Hope for the Caregiver broadcast February 2-2019.
Text from Peter's Blog at www.hopeforthecaregiver.com
From one geographical extreme to another, American state assemblies strode into the viability and quality of life issue in groundbreaking ways during January. Starting with Hawaii’s new Our Choice Our Care Act launched on January 1, 2019, medically-assisted death marched closer to being considered ‘normal.’ Before January ended, New York legislators applauded the new freedom extended to the state allowing late term abortions via the Reproductive Health Act.
A common thread weaves through the move by both states. An ambiguity, one could say an arbitrary line in the sand, presents itself through both actions regarding viability. Hawaii allows patients deemed to die within six months to end their life with medical assistance.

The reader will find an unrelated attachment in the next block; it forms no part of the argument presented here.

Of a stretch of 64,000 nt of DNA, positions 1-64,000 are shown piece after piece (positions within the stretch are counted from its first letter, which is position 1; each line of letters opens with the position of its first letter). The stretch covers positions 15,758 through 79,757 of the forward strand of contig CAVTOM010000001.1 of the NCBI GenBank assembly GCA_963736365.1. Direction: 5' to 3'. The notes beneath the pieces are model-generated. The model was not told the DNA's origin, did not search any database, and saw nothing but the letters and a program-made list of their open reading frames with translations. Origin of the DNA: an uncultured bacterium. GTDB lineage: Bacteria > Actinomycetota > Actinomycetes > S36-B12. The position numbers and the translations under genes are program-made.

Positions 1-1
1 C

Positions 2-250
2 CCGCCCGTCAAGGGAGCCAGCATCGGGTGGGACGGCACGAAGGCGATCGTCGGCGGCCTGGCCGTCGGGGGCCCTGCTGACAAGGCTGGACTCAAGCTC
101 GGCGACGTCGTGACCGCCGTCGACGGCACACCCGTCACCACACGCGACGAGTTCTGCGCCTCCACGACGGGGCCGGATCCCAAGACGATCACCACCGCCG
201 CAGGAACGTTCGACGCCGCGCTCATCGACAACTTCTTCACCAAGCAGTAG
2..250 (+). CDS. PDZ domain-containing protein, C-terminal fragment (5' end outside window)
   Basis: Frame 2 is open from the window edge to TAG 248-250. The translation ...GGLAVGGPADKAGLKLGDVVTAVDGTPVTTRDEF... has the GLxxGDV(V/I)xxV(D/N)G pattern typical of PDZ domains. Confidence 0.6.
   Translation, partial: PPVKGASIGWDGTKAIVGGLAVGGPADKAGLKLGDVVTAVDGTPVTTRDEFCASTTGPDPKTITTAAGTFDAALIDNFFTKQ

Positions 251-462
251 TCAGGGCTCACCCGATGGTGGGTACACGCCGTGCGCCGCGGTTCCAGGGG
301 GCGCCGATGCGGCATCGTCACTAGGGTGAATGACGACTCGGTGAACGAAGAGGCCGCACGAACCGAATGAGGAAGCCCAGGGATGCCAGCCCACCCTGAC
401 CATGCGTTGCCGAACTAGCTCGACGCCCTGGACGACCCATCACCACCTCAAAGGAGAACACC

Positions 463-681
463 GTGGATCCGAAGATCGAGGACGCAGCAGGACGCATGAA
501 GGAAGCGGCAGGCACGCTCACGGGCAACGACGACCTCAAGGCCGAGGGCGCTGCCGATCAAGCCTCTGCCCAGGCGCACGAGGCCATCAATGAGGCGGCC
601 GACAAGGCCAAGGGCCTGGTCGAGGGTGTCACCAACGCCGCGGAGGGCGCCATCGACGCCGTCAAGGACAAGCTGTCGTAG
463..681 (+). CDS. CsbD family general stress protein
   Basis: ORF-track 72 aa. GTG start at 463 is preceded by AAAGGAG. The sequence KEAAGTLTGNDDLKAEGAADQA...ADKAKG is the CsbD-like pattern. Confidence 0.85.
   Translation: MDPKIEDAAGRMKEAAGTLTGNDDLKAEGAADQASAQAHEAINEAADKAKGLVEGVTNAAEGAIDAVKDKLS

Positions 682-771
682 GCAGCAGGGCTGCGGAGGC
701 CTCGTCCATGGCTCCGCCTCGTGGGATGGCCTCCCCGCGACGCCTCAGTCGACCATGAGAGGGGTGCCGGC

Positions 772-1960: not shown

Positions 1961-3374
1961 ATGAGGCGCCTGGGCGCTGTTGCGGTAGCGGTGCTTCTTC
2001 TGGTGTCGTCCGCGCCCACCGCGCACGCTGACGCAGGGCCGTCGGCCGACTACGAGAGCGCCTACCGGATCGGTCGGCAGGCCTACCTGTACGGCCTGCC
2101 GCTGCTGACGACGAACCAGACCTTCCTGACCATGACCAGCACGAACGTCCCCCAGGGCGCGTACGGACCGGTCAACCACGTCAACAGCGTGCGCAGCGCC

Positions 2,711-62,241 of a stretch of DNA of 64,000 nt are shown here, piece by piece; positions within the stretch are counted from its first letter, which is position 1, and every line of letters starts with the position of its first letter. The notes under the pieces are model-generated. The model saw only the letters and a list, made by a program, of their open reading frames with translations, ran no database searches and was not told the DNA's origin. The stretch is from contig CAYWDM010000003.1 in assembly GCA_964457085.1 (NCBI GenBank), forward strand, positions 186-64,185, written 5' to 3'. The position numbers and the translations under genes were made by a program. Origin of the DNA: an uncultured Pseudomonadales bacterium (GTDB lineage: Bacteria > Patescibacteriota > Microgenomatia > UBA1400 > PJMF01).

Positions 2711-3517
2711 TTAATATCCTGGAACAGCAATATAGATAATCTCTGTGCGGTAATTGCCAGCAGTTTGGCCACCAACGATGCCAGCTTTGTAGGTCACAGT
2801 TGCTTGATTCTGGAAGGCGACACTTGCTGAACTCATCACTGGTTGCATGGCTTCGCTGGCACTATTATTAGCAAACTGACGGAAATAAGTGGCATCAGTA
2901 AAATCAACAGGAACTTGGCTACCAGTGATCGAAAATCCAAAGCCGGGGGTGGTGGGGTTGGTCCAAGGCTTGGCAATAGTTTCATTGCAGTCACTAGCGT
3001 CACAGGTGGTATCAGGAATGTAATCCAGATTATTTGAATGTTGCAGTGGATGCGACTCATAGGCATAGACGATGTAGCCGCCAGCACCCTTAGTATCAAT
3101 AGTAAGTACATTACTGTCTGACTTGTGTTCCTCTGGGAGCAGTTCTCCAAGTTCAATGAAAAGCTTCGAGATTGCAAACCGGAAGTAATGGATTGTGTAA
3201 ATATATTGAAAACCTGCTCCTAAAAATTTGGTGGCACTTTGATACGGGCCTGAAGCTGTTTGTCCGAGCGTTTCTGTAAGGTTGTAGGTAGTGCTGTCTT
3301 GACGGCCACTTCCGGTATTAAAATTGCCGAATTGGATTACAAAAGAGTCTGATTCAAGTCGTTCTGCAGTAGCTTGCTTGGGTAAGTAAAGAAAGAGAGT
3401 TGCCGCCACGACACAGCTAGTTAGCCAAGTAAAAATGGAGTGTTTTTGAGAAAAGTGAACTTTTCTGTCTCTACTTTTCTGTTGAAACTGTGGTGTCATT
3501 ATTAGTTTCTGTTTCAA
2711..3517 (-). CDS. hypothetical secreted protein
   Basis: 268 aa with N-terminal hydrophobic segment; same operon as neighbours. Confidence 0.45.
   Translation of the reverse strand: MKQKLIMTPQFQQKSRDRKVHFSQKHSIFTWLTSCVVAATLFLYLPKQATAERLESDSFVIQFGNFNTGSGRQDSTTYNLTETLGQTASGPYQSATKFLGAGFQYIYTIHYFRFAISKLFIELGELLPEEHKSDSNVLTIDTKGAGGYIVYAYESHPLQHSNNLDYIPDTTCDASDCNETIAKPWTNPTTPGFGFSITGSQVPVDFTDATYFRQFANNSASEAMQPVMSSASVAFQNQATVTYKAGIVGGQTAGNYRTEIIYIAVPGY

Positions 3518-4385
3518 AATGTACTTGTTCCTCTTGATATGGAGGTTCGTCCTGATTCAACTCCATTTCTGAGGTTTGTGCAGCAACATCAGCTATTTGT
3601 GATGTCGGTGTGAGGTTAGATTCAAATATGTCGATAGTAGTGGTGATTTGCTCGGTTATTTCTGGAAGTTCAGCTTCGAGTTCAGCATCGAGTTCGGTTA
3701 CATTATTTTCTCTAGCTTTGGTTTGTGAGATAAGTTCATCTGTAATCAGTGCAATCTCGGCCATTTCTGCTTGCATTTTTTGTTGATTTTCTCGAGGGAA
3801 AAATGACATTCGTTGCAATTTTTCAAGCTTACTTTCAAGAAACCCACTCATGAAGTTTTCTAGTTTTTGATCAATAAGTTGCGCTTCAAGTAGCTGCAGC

Who sets the date?
Yet why six months? What group decided that six months is the cut off for a life to possess meaning rather than, say, seven months and thirteen days?
In New York, the health of the mother is a factor. A Virginia legislator already introduced the dialogue of health applying to mental health. New York allows non-physicians to perform abortions. Will those non-physicians assume responsibility for evaluating the mental health of the mother?
Troubling Questions About Viability
These and other unsettling questions indicate a rush to an agenda rather than to medical reality. If government can designate life as ‘qualified to terminate’ if less than six months remain, when will they adjust that line? If a child is deemed unable to exist outside the womb without care at 8 months and 28 days, can that line be moved to 9 months. What about ten months?
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